LTE phone shipments are expected to grow tenfold to reach 67 million units this year, with new products from Apple, Samsung Electronics, HTC, LG Electronics, Nokia, Motorola, Pantech and Fujitsu expected to drive the growth, Strategy Analytics said Friday.
"We forecast global LTE phone shipments to grow tenfold from 6.8 million units in 2011 to 67.0 million in 2012," said Strategy Analytics analyst Neil Shah. "Major countries driving LTE growth this year will include the United States, Japan and South Korea."
The industry is entering a breakout year for 4G LTE technology, said Strategy Analytics Executive Director Neil Mawston. But LTE phone shipments in Western Europe will be trailing behind those in North America, Japan and South Korea in 2012, he said.
"Western European regulators and operators have been slower to free up available spectrum and slower to spot the huge growth potential of 4G technology, Mawston said in an e-mail. "For now, Western Europe will be a second-tier 4G market behind North America and developed Asia."
High-Growth, High-Value Market
Multiple operators and multiple phone vendors will be launching dozens of LTE models across numerous countries worldwide, Mawston said.. In the U.S., for example, Verizon already offers super-fast LTE service in 200 markets and expects to more than double its LTE zone coverage by the end of this year, to reach 260 million people.
AT&T's LTE service is live in 28 U.S. markets and coming to 12 more markets across the nation in the second quarter of this year. Meanwhile, Sprint expects to begin rolling out its own LTE coverage zones in selected U.S metropolitan markets by mid-2012.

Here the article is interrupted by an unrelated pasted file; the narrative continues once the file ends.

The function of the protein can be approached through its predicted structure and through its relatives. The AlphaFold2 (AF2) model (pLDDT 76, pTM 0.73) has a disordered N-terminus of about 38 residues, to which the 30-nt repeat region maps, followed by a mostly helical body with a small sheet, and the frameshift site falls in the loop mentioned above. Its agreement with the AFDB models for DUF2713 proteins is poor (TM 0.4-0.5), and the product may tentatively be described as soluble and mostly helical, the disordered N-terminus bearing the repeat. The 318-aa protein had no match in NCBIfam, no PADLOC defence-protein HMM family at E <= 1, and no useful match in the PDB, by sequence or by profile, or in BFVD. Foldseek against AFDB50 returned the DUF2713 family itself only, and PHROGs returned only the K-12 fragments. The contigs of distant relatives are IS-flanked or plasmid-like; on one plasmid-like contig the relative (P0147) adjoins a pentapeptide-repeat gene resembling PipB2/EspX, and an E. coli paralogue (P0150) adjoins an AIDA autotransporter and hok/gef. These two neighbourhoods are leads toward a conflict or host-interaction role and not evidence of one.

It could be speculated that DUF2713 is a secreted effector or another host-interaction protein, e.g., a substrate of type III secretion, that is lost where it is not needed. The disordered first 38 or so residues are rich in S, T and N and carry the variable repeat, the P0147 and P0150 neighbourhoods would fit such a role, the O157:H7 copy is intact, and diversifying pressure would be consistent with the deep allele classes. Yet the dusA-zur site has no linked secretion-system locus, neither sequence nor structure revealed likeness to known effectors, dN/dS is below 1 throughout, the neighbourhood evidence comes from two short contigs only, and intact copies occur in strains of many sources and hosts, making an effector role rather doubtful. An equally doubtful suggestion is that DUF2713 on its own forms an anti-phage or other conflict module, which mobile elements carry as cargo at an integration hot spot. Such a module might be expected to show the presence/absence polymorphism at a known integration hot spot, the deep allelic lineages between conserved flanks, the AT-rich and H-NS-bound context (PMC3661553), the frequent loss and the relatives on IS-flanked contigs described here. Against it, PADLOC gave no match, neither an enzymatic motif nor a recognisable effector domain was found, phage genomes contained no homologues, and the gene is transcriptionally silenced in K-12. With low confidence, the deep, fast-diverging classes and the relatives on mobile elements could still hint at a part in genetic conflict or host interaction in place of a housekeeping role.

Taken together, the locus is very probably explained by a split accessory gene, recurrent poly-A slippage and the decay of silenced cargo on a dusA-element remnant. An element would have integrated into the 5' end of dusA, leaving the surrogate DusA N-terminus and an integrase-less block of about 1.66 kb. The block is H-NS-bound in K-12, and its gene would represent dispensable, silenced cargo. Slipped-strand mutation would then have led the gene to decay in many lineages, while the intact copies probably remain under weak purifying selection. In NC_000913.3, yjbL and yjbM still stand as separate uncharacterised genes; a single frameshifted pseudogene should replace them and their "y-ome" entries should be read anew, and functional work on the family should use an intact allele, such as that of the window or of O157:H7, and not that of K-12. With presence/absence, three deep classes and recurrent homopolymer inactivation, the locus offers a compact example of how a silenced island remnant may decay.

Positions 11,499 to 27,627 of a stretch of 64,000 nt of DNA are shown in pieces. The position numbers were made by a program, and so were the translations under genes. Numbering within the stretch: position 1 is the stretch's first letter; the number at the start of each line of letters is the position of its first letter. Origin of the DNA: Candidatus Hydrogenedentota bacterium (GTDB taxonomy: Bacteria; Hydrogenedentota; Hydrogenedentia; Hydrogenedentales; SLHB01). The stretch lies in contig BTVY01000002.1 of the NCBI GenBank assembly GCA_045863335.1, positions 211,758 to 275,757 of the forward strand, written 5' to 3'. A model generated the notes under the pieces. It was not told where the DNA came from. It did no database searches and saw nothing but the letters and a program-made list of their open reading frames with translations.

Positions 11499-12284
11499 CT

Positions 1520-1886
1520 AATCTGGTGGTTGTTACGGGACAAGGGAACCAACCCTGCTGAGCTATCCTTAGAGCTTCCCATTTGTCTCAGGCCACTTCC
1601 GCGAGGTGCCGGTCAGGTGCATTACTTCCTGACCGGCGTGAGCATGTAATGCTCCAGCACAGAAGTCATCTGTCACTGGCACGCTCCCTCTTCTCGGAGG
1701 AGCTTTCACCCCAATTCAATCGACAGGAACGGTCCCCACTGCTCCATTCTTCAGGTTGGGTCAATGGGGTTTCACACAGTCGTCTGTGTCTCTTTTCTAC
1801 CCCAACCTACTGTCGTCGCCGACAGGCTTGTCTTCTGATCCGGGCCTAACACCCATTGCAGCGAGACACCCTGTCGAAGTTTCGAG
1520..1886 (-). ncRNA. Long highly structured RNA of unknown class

Earlier this month, U.S. Cellular began offering LTE in selected metropolitan areas within Iowa, Wisconsin, Maine, North Carolina, Texas and Oklahoma. By the end of this year, the regional carrier expects to be delivering LTE service in parts of Illinois, Maryland, Missouri, New Hampshire, Oregon, Tennessee, Vermont, Virginia, Washington and West Virginia.
"LTE has quickly become a high-growth, high-value market that no operator, service developer, device vendor or component maker can afford to ignore," Mawston said.
The LTE phone segment is expanding at a rapid rate this year, but there undoubtedly will be growing pains in this early phase, said Strategy Analytics Director Tom Kang. For example, issues such as higher consumption fees and speed throttling as users approach their monthly data caps are already giving many U.S. consumers a reason to be wary about the consequences of owning and operating a super-fast LTE mobile device.
"Many LTE phones and data plans will be relatively expensive," Kang said. "Operators will need to invest generous subsidies to make 4G more affordable for subscribers."
"Meanwhile, consumers will be concerned about LTE usability issues -- such as shortened battery life, excessive device weight, or sudden bill shock caused by high data consumption," Kang said.
In the handset market overall, Strategy Analytics predicts that total global handset shipments will reach 1.8 billion unit shipments in 2012.
"Africa, Asia and Latin America will be the world's three fastest-growing regions," Shah wrote in the new Strategy Analytics report.